Peaceful Futures Manifesto

My artificial nature

by Anna Peplova

When I was small, I couldn’t imagine I could ever move and travel, visit other lands, see and experience so much. I thought I could only grow and feel. But through the decades I’ve learned a lot, losses and gains. I even truly died once. And received a new life. And saved lives. Many years ago, we thought we knew everything about the other creatures, humans, insects, animals, flowers. We got used to thinking of others as something separate and distinct. But I so much love to be surprised. 

I’m standing now in a very beautiful place, in a pretty big park within the large green safe urban space. I’m an Oak, by the way, partly artificial. I’ve been here for about a decade already, but let me tell you how I got here.

Over 50 years ago, a little boy planted Oak seeds in the school garden. That was a tough time. Several human nations all over the world were having military conflicts, some families lost their relatives and friends, their lands and homes. These seeds in children’s hands were devoted to those whom they have lost or were missing.

One of those seeds then became me. So, though I’m a tree, I like to think I’m partly artificial, seeded on purpose to manifest life. When I was very small, I loved having children playing around me and exploring their surroundings. And dreamt about being huge and strong and protective for them in the future.

Though all of us, creatures, form the whole ecosystem on the Earth together, your human species is really creative and that is what I love about you. But that is also what moved lots of your ancestors to vanity and hunger for inventions with terrible circumstances. Some really believed they would overmaster the system. That affected me too. I was a small tree in the garden when the governments decided to make miles of parks and gardens into a long concrete-iron-and-asphalt road for the sake of huge machines to deliver grains, equipment, weapons, and whatever else they thought would save the people. One of these fast decisions buried me under tons of concrete, deep into the earth. That was a backstep. I was ready to say goodbye. But I still had my roots supporting me, water from the land feeding me, and the memory about my future dreams.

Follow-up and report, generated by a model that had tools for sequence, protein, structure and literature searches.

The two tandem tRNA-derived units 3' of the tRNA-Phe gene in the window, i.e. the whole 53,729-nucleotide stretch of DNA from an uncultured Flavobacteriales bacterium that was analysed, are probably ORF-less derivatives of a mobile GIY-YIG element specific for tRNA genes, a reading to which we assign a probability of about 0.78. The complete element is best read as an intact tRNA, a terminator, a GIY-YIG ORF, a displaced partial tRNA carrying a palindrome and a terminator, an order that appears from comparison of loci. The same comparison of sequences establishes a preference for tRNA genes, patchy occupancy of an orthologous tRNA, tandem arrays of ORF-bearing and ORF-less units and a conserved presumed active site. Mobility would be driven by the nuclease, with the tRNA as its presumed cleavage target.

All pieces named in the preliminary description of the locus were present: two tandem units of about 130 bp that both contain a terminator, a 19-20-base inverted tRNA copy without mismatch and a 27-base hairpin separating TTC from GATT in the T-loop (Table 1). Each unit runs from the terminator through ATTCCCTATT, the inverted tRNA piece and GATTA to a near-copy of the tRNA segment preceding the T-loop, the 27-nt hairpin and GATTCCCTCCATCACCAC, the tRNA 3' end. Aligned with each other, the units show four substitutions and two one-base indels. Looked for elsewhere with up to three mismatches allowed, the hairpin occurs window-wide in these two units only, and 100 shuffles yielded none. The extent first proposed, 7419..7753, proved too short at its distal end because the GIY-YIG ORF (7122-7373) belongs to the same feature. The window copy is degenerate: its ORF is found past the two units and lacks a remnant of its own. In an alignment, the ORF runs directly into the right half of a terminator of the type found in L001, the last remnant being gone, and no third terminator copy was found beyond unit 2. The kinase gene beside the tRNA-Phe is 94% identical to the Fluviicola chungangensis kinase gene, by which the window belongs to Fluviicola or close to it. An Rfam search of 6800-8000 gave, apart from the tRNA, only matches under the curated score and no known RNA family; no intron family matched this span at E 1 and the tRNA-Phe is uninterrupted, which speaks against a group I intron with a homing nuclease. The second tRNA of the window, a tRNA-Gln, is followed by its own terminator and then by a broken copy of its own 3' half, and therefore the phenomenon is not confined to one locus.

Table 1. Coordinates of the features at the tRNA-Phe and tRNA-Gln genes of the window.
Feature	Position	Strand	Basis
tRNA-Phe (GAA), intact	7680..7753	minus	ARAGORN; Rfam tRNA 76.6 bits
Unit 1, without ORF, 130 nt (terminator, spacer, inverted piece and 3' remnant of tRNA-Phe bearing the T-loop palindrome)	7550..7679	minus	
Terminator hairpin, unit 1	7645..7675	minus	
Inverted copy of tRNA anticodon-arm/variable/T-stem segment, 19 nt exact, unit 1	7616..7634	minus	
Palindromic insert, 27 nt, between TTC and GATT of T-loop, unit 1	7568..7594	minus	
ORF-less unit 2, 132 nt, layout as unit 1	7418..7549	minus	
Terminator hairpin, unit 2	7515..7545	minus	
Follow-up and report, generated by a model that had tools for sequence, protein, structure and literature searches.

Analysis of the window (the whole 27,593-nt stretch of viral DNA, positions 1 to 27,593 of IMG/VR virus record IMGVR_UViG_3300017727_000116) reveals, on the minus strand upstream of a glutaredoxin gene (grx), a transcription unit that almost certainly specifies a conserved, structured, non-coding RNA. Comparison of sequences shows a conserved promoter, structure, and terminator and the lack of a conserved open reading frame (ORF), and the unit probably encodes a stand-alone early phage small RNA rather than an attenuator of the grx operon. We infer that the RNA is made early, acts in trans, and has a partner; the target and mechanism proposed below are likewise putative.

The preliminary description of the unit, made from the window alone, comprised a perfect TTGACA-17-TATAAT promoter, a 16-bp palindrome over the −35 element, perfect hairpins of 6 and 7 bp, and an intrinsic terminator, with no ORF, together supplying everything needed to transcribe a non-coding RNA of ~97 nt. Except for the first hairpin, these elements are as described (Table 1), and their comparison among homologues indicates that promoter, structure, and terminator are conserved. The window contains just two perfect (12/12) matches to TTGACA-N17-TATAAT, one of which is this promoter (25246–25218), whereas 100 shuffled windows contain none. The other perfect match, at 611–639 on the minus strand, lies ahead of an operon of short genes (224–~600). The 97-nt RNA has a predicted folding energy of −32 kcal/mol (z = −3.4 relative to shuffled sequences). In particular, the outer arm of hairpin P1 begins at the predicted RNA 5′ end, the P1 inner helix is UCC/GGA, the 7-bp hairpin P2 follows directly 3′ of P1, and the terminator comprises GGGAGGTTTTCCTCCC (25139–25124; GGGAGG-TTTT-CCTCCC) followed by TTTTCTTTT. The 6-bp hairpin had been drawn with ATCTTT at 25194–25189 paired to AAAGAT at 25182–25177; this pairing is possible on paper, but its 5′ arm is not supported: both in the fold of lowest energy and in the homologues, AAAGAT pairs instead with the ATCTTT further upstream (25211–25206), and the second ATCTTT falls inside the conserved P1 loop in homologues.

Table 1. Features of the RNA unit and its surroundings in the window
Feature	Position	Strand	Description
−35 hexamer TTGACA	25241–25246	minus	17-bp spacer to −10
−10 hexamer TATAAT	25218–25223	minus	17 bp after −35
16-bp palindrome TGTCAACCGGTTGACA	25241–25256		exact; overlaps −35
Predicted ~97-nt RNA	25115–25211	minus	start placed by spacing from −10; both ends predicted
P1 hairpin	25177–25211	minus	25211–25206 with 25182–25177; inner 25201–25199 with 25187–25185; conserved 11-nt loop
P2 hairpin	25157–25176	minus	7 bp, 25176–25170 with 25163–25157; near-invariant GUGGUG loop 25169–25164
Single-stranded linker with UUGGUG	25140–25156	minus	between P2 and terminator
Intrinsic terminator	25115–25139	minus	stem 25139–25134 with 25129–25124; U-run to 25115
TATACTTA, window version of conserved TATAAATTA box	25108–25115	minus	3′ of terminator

For several years I felt the pain literally crushes me. That was my prison, human’s grief, Earth’s distortion. But I remained there. And, somehow, the conflict that almost killed me also accidentally gave me a new chance, through its final accords. Once some explosives were used by humans to break the military road and symbolically end the war and bury the weapons, one of those explosions – some big bang – tore apart layers of concrete and gave me back my breath. The land looked broken and poor. And it was silent. The only ones I could trust were the sun and the rain. There were lots of us – broken pieces –, and all of us – trees, insects, and bacteria – were trying to glue all this together into a new form of further life. Our roots and birds were our communicative channels. We had to make some kind of Kintsugi art with this land to support life.